Catholic schools' Aspire production, Dark Matter, to play at Civic Theatre

A STORY set during a lockdown in a secondary school might not appear to be a good subject matter for a musical play, but this engrossing production by Aspire, the Hunter Catholic schools organisation that helps students develop their skills in performing arts, shows the very diverse impacts the event has on children, teachers and other people associated with a school.

There are amusing scenes, for example, that have boy and girl students, who were in the school’s adjoining toilets when the lockdown began, trying to communicate through a narrow gap in the wall just below the ceiling.

The students locked into classrooms react in very different ways, with some voicing feelings about others, the teachers, and things that have happened to them that they have previously not said.

The teachers are frustrated by the lockdown, with the event helping a new young male teacher to make up his mind that it’s not the job for him.

The staging, by Aspire artistic director Anna Kerrigan, who also wrote the play, and her team, has watchers sympathising with the characters at times, as well as laughing at the more amusing words and actions.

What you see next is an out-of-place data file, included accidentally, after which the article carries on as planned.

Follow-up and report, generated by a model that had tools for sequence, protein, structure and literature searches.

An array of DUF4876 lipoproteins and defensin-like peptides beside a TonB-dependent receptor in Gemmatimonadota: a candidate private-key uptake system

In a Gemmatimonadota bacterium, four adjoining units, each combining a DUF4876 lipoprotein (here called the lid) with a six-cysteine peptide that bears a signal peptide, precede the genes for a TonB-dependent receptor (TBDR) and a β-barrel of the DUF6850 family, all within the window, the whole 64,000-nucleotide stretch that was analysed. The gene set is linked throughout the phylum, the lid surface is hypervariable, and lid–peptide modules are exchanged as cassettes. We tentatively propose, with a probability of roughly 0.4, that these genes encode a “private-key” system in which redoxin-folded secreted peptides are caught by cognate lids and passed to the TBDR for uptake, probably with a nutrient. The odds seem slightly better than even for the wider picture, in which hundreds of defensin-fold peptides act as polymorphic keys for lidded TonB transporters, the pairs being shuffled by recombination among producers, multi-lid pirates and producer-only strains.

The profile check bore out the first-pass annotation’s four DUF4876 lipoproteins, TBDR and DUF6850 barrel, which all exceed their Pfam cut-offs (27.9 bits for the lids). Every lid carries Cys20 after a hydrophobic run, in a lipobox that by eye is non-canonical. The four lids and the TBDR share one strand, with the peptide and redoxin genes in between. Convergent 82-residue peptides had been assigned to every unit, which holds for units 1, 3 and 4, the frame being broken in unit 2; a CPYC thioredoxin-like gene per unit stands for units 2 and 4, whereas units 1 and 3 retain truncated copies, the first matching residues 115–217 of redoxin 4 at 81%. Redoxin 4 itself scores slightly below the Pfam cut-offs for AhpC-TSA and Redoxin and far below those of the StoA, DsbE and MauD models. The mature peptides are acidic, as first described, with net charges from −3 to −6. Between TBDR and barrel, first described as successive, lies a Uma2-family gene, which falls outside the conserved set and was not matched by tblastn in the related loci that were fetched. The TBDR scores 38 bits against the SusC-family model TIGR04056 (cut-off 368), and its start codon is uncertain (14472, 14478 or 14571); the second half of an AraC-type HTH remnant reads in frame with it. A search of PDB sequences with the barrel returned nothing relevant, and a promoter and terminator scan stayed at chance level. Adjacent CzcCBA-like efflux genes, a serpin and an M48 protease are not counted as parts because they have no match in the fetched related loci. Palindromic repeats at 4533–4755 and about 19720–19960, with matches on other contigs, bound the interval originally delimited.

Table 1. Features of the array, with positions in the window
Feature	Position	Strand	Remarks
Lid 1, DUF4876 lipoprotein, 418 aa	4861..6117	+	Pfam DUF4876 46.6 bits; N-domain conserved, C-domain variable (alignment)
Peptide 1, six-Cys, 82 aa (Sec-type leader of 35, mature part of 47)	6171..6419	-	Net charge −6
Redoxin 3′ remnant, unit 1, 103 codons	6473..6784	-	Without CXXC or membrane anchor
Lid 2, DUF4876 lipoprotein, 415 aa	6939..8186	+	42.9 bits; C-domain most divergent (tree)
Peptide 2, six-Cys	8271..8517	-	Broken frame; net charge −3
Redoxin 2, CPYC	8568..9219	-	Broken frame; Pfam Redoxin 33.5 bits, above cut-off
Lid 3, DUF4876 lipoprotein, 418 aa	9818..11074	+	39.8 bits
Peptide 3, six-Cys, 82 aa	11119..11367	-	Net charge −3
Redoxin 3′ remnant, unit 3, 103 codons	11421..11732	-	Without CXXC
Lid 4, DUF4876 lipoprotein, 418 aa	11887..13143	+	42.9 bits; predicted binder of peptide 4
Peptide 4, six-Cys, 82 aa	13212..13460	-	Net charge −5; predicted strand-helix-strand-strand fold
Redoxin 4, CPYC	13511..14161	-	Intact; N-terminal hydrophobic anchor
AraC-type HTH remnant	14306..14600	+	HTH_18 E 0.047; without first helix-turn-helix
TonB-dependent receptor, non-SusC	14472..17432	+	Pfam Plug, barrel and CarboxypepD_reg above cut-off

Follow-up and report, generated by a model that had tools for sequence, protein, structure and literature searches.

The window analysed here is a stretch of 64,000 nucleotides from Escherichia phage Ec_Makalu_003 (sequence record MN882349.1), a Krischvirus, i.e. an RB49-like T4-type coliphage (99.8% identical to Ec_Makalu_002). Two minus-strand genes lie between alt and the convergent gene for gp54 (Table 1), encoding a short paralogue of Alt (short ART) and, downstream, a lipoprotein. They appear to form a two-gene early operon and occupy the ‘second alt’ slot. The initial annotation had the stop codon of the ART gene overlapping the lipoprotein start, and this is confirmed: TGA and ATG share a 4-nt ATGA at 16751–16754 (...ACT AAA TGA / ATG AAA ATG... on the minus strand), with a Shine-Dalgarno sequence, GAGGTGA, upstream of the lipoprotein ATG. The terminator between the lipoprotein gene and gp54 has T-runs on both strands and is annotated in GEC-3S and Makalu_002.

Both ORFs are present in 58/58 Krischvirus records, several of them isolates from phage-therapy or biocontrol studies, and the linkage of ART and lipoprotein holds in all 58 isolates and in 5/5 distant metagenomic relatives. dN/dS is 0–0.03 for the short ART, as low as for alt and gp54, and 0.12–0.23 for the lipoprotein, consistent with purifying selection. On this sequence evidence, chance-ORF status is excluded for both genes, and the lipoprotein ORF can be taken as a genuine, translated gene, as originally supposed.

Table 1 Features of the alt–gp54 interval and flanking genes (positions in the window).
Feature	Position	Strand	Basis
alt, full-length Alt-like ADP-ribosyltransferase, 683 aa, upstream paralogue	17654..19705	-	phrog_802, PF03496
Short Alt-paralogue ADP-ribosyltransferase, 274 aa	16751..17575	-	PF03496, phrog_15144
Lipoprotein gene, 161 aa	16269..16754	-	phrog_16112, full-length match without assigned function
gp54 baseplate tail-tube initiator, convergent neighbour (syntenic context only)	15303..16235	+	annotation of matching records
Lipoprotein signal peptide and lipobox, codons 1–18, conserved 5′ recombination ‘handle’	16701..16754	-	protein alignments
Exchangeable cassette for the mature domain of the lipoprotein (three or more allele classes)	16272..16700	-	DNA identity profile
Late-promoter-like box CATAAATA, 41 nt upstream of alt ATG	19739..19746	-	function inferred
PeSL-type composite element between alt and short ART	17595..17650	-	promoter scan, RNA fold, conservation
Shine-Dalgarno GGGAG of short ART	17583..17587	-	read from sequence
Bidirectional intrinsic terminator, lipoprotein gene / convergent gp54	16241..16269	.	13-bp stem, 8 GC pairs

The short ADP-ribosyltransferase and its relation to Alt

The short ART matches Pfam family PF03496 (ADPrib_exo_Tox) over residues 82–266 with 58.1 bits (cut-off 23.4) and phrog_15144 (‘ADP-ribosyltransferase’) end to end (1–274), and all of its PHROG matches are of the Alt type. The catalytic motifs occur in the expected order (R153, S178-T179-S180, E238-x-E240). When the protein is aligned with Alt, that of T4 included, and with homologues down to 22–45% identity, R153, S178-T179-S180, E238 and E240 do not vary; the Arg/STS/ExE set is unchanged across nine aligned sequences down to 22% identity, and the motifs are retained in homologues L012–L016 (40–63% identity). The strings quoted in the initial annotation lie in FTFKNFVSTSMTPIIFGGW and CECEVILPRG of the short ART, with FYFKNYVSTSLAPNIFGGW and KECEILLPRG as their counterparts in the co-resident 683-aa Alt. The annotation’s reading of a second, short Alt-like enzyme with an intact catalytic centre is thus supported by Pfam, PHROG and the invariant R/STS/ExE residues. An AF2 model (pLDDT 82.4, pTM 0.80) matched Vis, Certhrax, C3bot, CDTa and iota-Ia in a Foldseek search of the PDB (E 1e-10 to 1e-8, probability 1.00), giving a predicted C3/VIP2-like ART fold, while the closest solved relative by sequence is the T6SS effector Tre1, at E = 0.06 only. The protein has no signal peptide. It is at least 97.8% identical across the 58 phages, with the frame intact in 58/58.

The song and dance routines have engagingly diverse styles. There is a Michael Jackson song, They Don’t Care About Us, which has children voicing their frustrations.

One song, presented while the students are discussing whether the lockdown has been caused by creatures such as vampires, has dance ensemble members dressed like white ghosts, with five of them moving around on long white stilts.

As indicated above, the staging team and the performers have made excellent use of the Civic Theatre stage area.

While many of the song-and-dance numbers have movement around the whole stage, there are scenes where the focus is on just a few people in a small space.

The school’s four cleaners, for example, whom neither teachers or students like, have a very funny sequence where they are voicing an amusingly revamped discussion between the witches in Macbeth.

The band ensemble, in the orchestra pit, likewise help make the variety of song styles very engaging.

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